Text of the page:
Recently, there have been several major newspapers reporting that one reason the heroin trade is flourishing in this country, and certainly within Texas, is because every day, new people are introduced and ultimately become addicted to the drug. Perhaps most startling is the realization that many heroin addicts are the same ones who, months or years earlier, were injured and were prescribed powerful painkillers. For many, they became addicted but soon realized it was too expensive. Enter heroin. Addiction remains one of the biggest societal challenges in this country. From a family law perspective, the children are the ones who have no say over what Mom and/or Dad are doing, yet their lives will forever be changed because of those choices. This is just the beginning of the custody challenges one may face.
Many fathers had no choice but to watch from a distance as their exes developed substance abuse problems, all the while feeling as though their hands were tired. Those scenarios are not as common as they once were, as more fathers began seeking – and winning – custody of their children. In fact, a recent NIH study revealed parental substance abuse being the number one most common predictor of a child being removed from the primary parent’s home. Still, many children witness any number of disturbing events in the meantime. Witnessing those types of experiences – seeing a parent with a needle, hearing frightening noises in the middle of the night only to see Mom with a black eye the next morning or facing the police on a regular basis due to loud and even violent fights in the home – can shape a child’s future and often in a very negative way. From the report:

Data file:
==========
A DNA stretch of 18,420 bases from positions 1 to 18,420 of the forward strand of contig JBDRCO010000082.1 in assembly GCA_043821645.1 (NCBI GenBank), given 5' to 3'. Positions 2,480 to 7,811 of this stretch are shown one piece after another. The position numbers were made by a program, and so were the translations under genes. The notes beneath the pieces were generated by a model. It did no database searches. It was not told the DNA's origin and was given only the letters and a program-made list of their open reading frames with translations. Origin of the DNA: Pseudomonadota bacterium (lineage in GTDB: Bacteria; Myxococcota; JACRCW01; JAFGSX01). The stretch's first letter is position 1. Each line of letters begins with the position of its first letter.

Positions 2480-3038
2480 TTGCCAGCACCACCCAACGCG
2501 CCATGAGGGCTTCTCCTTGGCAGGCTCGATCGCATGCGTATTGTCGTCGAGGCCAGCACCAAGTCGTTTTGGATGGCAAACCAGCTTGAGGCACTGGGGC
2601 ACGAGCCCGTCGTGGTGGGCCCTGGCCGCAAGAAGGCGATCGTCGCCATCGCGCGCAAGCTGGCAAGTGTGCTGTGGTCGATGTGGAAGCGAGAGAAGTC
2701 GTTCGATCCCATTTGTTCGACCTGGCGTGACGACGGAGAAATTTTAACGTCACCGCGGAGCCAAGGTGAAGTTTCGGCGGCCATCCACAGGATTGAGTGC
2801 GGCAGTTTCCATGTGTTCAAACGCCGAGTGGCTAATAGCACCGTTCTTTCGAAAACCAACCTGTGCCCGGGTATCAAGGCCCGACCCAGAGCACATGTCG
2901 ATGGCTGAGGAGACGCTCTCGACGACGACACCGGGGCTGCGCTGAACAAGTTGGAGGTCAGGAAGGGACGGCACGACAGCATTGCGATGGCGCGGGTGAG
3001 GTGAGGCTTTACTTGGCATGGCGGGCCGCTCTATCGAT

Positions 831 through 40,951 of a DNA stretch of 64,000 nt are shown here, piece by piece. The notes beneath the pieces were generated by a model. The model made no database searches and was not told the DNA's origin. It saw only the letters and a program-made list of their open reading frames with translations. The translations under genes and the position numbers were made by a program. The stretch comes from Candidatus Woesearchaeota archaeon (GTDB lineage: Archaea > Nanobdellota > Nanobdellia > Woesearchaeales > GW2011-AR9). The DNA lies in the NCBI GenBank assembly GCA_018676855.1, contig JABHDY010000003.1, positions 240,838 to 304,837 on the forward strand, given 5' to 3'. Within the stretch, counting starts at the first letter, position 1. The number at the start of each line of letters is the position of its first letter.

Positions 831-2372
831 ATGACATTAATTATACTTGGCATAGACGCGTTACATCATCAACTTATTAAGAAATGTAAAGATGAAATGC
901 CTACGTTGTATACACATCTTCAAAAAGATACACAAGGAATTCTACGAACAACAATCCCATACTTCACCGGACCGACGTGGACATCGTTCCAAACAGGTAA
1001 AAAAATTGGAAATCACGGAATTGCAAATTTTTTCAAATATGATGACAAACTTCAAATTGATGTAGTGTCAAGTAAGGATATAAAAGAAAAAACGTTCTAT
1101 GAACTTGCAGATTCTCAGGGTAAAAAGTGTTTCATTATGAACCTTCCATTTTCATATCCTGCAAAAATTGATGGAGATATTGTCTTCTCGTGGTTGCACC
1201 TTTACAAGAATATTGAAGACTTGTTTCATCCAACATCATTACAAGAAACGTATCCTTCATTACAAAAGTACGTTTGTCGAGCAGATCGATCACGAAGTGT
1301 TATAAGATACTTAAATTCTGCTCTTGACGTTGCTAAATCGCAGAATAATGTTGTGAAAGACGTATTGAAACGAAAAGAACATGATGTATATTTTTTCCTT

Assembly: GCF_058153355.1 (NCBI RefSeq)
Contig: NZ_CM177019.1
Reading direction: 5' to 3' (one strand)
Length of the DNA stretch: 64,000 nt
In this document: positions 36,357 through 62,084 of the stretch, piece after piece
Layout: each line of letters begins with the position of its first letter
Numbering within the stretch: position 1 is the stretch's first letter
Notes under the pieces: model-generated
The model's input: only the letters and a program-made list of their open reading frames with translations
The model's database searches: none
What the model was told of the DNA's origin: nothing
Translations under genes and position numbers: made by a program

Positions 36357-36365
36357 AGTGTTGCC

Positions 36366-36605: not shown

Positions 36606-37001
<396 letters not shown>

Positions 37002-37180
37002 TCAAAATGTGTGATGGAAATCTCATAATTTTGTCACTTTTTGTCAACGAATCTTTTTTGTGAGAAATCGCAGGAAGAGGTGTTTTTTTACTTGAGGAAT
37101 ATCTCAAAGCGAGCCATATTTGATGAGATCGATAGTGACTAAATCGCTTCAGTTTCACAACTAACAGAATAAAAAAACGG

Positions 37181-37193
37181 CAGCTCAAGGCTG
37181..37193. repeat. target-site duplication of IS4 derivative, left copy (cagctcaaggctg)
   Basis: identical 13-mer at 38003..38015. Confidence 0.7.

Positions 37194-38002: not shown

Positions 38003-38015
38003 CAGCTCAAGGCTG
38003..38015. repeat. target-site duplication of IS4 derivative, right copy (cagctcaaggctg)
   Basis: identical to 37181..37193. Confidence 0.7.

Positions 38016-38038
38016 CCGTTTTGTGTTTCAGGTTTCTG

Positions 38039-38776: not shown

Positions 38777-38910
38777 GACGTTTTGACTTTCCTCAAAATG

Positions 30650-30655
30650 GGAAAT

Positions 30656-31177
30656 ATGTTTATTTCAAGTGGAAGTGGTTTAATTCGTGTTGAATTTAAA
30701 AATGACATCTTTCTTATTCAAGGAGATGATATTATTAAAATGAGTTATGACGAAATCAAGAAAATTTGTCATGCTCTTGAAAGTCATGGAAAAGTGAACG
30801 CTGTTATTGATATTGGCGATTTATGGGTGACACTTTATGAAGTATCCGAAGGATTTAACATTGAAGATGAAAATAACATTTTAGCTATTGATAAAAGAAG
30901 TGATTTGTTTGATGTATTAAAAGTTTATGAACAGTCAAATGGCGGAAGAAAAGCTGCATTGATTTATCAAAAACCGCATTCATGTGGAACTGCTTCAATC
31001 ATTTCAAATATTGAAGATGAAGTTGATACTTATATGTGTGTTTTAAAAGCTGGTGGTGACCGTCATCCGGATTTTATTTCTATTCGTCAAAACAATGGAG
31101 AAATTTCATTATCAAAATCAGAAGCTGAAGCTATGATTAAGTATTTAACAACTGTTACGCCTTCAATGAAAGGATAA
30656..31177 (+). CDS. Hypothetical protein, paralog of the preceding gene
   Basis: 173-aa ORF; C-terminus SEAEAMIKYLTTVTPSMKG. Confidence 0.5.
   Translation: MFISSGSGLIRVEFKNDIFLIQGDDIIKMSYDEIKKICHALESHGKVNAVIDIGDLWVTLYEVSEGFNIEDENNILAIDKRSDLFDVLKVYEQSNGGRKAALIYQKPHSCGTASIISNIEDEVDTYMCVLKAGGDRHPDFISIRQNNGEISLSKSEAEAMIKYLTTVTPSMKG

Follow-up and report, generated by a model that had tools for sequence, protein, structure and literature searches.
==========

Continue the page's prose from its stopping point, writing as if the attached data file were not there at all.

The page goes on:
“Demographic factors such as poor education, teen pregnancy, single parenthood, and chronic unemployment also place substance-abusing women at greater risk for losing child custody. Maternal psychosocial risk, including substance abuse severity and comorbid psychopathology, also predicts higher rates of children’s out-of-home placement among substance-abusing women.”
So what should fathers do who are concerned about the safety and well-being of their children? Without question, the first call you should make is to a qualified Texas family law attorney who understands the intricacies of our state’s legal system. I’ve built my career based on helping fathers make the most of their relationships with their children and sometimes, that includes ensuring those children are safely out of harm’s way – even if it’s a parent causing the harm.
While it’s challenging and often overwhelming, the focus is always on the little ones who may feel as though they have no voice. Ideally, the parent struggling with substance abuse will reach out for help in order to rebuild the relationship with their children.
If this is a scenario that is currently playing out in your life and the lives of your children, it’s important to prepare before going into court. Judges often want to know the type of relationship the children have with the sober parent, how involved the parent is and whether or not a safe and secure environment is in place. There are times when therapy is encouraged or even ordered so that the children can once again begin to thrive, fully trusting in their changing environment. To learn more, contact Boyd Family Law today to schedule a consultation.